How Escrow Companies Handle Double (Simultaneous) Closings
As general counsel for a title and escrow company, I often received calls asking whether we’d be willing to close real estate wholesale transactions, sometimes referred to as “simultaneous closings” (although that phrase has multiple meanings). I’d like to provide some thoughts here about ways we can and cannot close such deals.
Real estate wholesale transactions generally involve three primary parties. The wholesaler (#1) typically contracts with a homeowner (#2) to purchase their house at a certain price, preserving the wholesaler’s right to assign the contract to a third party. Once this first contract is in place, the wholesaler will then find a buyer (#3), and enter into a second transaction, by which the wholesaler agrees to assign the first contract to purchase the house to the buyer (or simply agrees to sell the property to the buyer) at a purchase price higher than that in the first contract. The difference between the two prices is the wholesaler’s profit.
At this juncture it’s important to note some major differences between working with a wholesaler versus a licensed real estate agent, not the least of which being the legal and ethical obligations requiring a realtor to keep a client’s best interests at the forefront and their duty of disclosure. These differences are magnified significantly where the buyer or seller is inexperienced or otherwise in a compromised position (elderly, physically ill, under financial pressure, etc.). Indeed, the practical reality that the wholesale transaction involves three parties, none of whom owe any particular obligation to the others besides what is set forth in their contracts, does in part drive what a title/escrow company can and can’t do in closing these transactions.
Here’s what most title companies cannot do. Generally title companies will be unwilling to close a wholesale transaction where both of the following apply: (1) the wholesaler does not have the funds to purchase the property from the seller outright before selling the property to the ultimate buyer and (2) the wholesaler wants to keep the seller and ultimate buyer in separate transactions (a.k.a. the “simultaneous close” via “single source funding”). For example, think of the transaction from seller to wholesaler as A to B, and the second transaction from wholesaler to buyer as B to C. Some wholesalers ask escrow companies to close on the sale of the property to the ultimate buyer first (the B to C deal) and use the money from that sale to purchase the property from the seller (the A to B deal). Here’s the problem with this approach from a title/escrow perspective: the wholesaler does not own the property yet, and the seller hasn’t provided instruction to convey title to the wholesaler prior to receiving funds, so the sale to the ultimate buyer cannot close first. The wholesaler lacks a sufficient interests in the real estate to convey at that point.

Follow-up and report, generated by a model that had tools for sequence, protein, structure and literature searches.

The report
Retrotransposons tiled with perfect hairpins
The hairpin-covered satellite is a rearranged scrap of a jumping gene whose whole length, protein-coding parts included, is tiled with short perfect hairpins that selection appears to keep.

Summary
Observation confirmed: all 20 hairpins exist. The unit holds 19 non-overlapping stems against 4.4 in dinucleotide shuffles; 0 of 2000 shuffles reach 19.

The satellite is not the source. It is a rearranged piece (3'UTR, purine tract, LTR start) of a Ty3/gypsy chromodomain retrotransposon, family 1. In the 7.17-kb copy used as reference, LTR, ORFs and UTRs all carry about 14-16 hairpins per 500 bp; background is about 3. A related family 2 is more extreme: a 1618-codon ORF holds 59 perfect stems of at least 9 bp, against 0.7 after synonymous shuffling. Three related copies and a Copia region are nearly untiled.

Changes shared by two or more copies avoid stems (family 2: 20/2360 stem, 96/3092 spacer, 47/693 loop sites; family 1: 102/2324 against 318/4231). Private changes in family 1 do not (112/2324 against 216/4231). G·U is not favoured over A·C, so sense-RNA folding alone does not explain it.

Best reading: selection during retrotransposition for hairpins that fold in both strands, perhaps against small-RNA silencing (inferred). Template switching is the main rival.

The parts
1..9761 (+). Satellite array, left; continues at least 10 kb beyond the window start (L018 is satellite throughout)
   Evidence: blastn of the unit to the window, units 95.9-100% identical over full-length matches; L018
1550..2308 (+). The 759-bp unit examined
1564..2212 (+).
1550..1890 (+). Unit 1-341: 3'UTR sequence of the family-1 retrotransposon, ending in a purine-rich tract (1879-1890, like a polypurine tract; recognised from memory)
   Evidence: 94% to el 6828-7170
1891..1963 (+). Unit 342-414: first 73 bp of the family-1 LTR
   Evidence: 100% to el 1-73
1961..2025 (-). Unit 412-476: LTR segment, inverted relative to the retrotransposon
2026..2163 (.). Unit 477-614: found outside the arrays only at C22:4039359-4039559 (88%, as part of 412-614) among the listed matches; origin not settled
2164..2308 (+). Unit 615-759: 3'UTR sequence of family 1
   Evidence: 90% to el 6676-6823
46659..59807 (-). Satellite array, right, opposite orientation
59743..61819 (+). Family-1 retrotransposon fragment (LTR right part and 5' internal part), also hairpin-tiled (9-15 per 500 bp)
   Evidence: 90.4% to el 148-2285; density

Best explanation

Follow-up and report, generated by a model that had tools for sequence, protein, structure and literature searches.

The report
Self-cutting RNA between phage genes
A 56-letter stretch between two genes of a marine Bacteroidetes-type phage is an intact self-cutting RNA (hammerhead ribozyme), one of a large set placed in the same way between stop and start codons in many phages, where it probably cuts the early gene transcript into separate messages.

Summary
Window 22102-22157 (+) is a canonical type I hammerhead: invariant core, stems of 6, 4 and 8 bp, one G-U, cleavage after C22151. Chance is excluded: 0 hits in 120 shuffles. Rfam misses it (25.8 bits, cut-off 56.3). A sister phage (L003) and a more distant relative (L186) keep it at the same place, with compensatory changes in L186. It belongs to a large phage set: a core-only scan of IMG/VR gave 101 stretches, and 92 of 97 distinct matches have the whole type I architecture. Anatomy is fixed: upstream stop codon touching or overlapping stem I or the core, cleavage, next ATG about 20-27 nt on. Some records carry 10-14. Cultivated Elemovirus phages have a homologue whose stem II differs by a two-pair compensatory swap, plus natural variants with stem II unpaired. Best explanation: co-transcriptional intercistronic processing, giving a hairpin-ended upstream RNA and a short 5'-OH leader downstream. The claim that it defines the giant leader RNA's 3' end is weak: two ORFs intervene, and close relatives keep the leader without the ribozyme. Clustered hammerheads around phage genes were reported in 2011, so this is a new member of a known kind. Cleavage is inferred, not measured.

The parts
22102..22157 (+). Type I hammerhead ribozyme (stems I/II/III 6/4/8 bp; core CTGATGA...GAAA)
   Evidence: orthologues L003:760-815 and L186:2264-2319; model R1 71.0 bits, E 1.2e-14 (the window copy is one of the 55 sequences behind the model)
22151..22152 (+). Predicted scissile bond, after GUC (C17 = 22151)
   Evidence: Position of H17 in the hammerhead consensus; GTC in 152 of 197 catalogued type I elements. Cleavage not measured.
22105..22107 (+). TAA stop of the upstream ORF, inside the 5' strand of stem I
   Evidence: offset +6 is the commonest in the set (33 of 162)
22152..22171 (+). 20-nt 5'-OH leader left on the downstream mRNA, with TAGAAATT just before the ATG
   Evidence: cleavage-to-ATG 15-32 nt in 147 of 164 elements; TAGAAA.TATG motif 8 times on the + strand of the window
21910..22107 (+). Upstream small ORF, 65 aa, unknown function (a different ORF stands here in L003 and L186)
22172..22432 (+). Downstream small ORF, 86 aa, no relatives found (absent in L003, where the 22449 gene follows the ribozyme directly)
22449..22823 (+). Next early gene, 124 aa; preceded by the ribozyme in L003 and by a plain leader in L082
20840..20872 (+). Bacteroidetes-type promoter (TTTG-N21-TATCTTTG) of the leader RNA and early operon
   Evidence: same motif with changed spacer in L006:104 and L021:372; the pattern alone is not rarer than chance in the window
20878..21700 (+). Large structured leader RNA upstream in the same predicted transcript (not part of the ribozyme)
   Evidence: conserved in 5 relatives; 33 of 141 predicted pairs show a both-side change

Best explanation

Here’s what title companies generally can do. Title companies can close a wholesale transaction when it’s structured one of two ways. First approach: when the wholesaler has the funds to purchase the property from the seller without reliance on the funds of the ultimate buyer (a.k.a. the “double closing”). This results in two complete and separate transactions. Second approach: when the wholesaler is paid an assignment fee by the buyer, which is shown on the buyer’s closing statement (“assignment transaction”). This results in one transaction, and seller and buyer both know that the contract has been assigned. Only buyer sees the assignment fee on its closing statement (and can do the math regarding the price seller was willing to sell the property to the wholesaler).
The Double Closing (first approach) provides the wholesaler with separation between buyer and seller, but requires wholesaler to have cash available (or a relationship with a lender who understands the nuances of the wholesale transaction and is comfortable providing a bridge loan that may only exist for less than a day). Because there are two transactions, there will also be an additional escrow fee to account for. The Assignment Transaction (second approach) eliminates the need for the cash purchase by the wholesaler (or the special financing arrangement), minimizes escrow fees, but also eliminates the level of separation between buyer and seller. Both will know the contract has been assigned, though only buyer would see the amount of the assignment fee on their closing statement.
Specific escrow instructions and a clearly written assignment/purchase contract from wholesaler to ultimate buyer help a title/escrow company get comfortable with closing a wholesale deal. Indeed, poorly written or hastily drafted agreements, or requests for a simultaneous close with single source funding, will trigger an experienced escrow officer’s “spidey sense,” raising red flags as to the propriety of the transaction. But keeping this in mind, there are certainly ways wholesale transactions can be structured so that a title/escrow company can comfortably close them.